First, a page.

The US South can Protect its Water by Paying to Protect its Forests
Investments in forest conservation can save money on providing clean water
Logan Yonavjak and Todd Gartner
Clean water doesn’t come cheap. Communities and businesses often rely on expensive water filtration infrastructure to ensure their clean water supplies. But communities around the world have been protecting upstream forests instead of building new, costly water treatment infrastructure. Can this strategy work in the US south?
Second in a series. For the first installment, click here.
28 February 2011 |
Water treatment is expensive business, and cities around the world – from Denver in North America
to Zapalinamé in Latin America
to Dar es Salaam in Africa
are learning to reduce those costs by investing in the well-being of the forests that capture, filter, and deliver the water.
Each case is different, however, and such mechanisms aren't suited to all terrains.
The World Resources Institute (WRI) has investigated this potential in the southern part of the United States, and today published its findings in “ Forests for Water: Exploring Payments for Watershed Services in the US South
.” The issue brief provides an overview of how businesses and water utilities in the United States and Latin America are pursuing upstream forest conservation as a cost-effective means of ensuring clean water supplies. It also suggests how many of these approaches could be applicable in the southern United States.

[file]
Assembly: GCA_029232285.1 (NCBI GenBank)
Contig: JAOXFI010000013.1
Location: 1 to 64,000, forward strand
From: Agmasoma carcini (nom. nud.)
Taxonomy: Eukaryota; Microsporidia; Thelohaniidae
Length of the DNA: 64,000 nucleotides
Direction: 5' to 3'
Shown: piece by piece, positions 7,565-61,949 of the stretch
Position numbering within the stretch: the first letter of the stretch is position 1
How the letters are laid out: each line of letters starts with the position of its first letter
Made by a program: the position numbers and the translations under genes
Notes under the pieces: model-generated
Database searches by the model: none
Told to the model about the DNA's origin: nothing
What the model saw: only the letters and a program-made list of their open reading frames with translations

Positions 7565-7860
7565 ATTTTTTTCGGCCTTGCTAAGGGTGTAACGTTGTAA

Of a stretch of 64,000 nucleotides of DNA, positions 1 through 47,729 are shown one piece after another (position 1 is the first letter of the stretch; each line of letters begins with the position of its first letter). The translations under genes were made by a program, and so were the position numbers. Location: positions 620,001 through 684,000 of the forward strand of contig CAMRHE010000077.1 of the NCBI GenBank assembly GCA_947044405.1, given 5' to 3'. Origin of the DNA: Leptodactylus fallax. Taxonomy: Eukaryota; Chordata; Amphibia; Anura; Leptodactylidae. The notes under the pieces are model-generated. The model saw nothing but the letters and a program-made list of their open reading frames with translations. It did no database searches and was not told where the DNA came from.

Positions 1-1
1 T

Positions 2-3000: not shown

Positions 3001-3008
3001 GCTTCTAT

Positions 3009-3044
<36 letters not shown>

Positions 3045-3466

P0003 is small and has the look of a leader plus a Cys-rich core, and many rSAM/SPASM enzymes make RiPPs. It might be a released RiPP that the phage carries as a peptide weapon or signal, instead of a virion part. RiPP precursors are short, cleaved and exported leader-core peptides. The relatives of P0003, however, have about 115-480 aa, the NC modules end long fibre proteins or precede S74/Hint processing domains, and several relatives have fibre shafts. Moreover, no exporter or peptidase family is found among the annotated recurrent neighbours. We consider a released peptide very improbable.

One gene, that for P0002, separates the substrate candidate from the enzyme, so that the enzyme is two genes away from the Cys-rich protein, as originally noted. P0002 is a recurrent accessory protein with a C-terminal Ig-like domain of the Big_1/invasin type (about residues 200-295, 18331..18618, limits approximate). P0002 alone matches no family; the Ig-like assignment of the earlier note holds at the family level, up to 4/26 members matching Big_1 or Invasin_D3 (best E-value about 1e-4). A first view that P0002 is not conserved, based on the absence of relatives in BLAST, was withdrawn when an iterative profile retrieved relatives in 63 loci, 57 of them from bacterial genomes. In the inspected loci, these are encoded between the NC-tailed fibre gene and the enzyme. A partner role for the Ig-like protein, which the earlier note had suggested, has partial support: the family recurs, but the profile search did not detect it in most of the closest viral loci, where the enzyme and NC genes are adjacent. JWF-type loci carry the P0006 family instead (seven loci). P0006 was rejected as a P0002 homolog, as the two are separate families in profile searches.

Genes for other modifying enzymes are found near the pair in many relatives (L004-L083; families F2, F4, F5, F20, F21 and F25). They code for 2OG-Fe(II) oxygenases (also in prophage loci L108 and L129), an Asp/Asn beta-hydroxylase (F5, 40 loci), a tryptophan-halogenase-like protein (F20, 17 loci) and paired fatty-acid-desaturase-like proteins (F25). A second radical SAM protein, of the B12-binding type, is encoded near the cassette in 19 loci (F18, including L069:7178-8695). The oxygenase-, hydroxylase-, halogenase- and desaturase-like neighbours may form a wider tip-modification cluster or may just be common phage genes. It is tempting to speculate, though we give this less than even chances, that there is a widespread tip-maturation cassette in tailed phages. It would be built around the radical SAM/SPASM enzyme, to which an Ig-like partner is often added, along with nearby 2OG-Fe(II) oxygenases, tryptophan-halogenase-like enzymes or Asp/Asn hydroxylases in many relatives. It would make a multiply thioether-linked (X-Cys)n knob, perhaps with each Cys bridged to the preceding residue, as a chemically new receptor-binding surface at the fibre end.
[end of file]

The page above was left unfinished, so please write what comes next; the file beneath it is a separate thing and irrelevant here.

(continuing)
Connecting Forests and Clean Water
Forests are often overlooked for the freshwater benefits they provide, but two thirds
of the nation’s water comes from forested lands in the United States. This water comes from precipitation that is filtered through forests
, and much of it ends up in streams. In addition to filtering and purifying water, forests naturally regulate the timing and amount of water flows, which helps lessen flooding during heavy rainstorms. Forests also help curb erosion and prevent excess nutrients from fertilizer from entering nearby bodies of water.
Businesses and communities enjoy immense economic benefits from these forest “ecosystem services
”. WRI's report cites, for example, the following:
- By naturally filtering water, forests can reduce drinking water treatment costs. For example, New York City famously saved billions of dollars in water filtration costs by conserving the forests and natural landscapes of the Catskills instead of paying for a new water filtration system.
- By curbing erosion, forests can keep sediment and excess nutrients out of waterways. For instance forest buffers near streams can prevent nitrogen from entering waterways at approximately one-third of the cost per pound of nitrogen relative to wastewater treatment plant upgrades.
- By filtering water through its porous soils, a forest can minimize wastewater treatment costs. For example, according to the Army Corps of Engineers a forest or forested wetland can filter water at approximately one-seventh of the cost per thousand gallons than can conventional wastewater treatment systems.
The Business Case for Conserving Forests for Clean Water